Greystone Affordable Development Closes Financing of $38.5 Million Preservation Transaction in Oklahoma

14 March 2018

Greystone Affordable Development, a leading provider of affordable housing recapitalization, rehabilitation and development services, announces the closing of a $38.5 million multifamily housing transaction in Oklahoma.

The portfolio of affordable housing properties includes 13 aged USDA Rural Development Section 515 properties (which were then consolidated into 11) and comprises 294 apartment homes serving low-income households in 8 counties across the state, and are owned and operated by Inola, OK-based Green Companies Development Group, Inc. In the statewide pooled transaction, Greystone’s affordable housing development group worked closely with USDA’s Rural Housing Service (RHS) State and National Offices and the Oklahoma Housing Finance Agency to coordinate and secure the financing needed to acquire and rehabilitate this at-risk and much-needed housing. 

“This transaction is a wonderful model for other affordable housing owners to follow when considering the inevitable aging of precious income- and age-restricted housing stock,” said Deborah Jenkins, Executive Director, Oklahoma Housing Finance Agency. “We are thrilled to participate in this process and to support the preservation of Oklahoma’s affordable housing.”

“As we embark on new recapitalization projects such as this in more and more states around the country, we see a similar pattern of rural affordable housing owners going from being overwhelmed and in disbelief to being amazed and filled with jubilation once they see the possibilities become a reality for their assets and residents,” said Tanya Eastwood, President, Greystone Affordable Development. “With the valuable tax-exempt bond structure, it is possible to preserve critical affordable housing, and we are glad to be able to continue the important work that we do.”

The financing plan combined both public and private funding, and included:

  1. Tax-Exempt Bonds – Single issuance of $11.87 million in multifamily private activity tax-exempt bonds from the Oklahoma Housing Finance Agency.
  2. Low-Income Housing Tax Credit Equity – Purchase of 4% Federal LIHTCs by Boston Capital, generating $5.97 million in capital contributions.
  3. RHS 515 Debt - Assumption and subordination of $7.86 million of original USDA Section 515 debt. The Section 515 program is a direct loan program designed to provide subsidized loans to developers of affordable housing in rural markets. In addition, $3.59 million in new USDA Section 515 debt was awarded to 3 of the properties through Rural Development’s Multifamily Preservation and Revitalization (MPR) Program.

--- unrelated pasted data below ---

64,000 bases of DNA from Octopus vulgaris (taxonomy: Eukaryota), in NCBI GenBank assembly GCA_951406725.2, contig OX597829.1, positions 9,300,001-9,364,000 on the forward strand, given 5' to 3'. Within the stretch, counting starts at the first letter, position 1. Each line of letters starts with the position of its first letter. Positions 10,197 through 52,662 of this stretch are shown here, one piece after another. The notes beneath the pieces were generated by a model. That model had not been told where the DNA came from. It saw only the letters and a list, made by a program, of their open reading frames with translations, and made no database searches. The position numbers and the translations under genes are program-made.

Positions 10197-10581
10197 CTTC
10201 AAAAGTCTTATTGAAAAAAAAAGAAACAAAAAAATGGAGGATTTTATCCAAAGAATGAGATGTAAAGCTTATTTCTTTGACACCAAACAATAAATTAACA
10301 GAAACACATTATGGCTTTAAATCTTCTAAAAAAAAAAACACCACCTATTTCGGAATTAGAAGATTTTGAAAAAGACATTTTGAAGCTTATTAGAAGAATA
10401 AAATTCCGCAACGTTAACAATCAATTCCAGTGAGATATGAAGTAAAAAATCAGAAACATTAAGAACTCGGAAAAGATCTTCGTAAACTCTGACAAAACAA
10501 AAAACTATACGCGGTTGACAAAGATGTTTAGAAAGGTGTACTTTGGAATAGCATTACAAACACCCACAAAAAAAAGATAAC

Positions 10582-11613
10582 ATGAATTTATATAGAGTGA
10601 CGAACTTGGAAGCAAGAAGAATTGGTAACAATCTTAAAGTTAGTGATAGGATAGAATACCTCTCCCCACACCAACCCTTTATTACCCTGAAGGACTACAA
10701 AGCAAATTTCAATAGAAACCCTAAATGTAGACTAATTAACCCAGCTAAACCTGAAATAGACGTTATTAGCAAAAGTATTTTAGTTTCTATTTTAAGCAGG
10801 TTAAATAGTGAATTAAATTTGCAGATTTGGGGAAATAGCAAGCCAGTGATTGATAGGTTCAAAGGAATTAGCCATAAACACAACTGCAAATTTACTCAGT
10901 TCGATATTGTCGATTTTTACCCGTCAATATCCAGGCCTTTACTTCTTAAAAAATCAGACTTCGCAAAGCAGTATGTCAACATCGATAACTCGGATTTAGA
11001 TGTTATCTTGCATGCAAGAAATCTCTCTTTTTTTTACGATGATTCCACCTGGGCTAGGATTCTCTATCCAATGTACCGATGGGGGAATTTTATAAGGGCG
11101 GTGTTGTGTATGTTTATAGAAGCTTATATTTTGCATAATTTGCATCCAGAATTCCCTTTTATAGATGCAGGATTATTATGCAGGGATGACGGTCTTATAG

4. Senior Debt of $6.26 million in USDA Section 538 loans provided by Greystone Servicing Corporation, Inc.
  5. Seller Notes of $1.78 million provided by the sellers of the 13 original properties.
  6. Excess Reserves, Project Operations, Investment Income, and Deferred Developer Fees - totaling $1.16 million.

The rehabilitation plan includes a fast-paced construction process, estimated to be complete within 10 months, during which no residents are expected to be permanently displaced. Substantial renovations, averaging $33,800 per unit, will include both interior and exterior improvements. Particular emphasis will be placed on bringing the properties, built between 1978 and 1986, up to modern standards, addressing accessibility, functional obsolescence and deterioration.

"We are excited that the financing portion of the preservation is complete, and we can now embark on the ‘rapid rehab’ process to bring the nearly 300 units to modern standards with minimal displacement for our residents,” said Brian Green, President, Green Companies Development Group. “This innovative structure, and the way Greystone has ushered through the complex recapitalization process so far, has given us confidence to take a similar approach with other holdings. It’s a win-win for everyone, especially the hundreds of residents who will soon benefit from beautiful, newly refurbished communities.”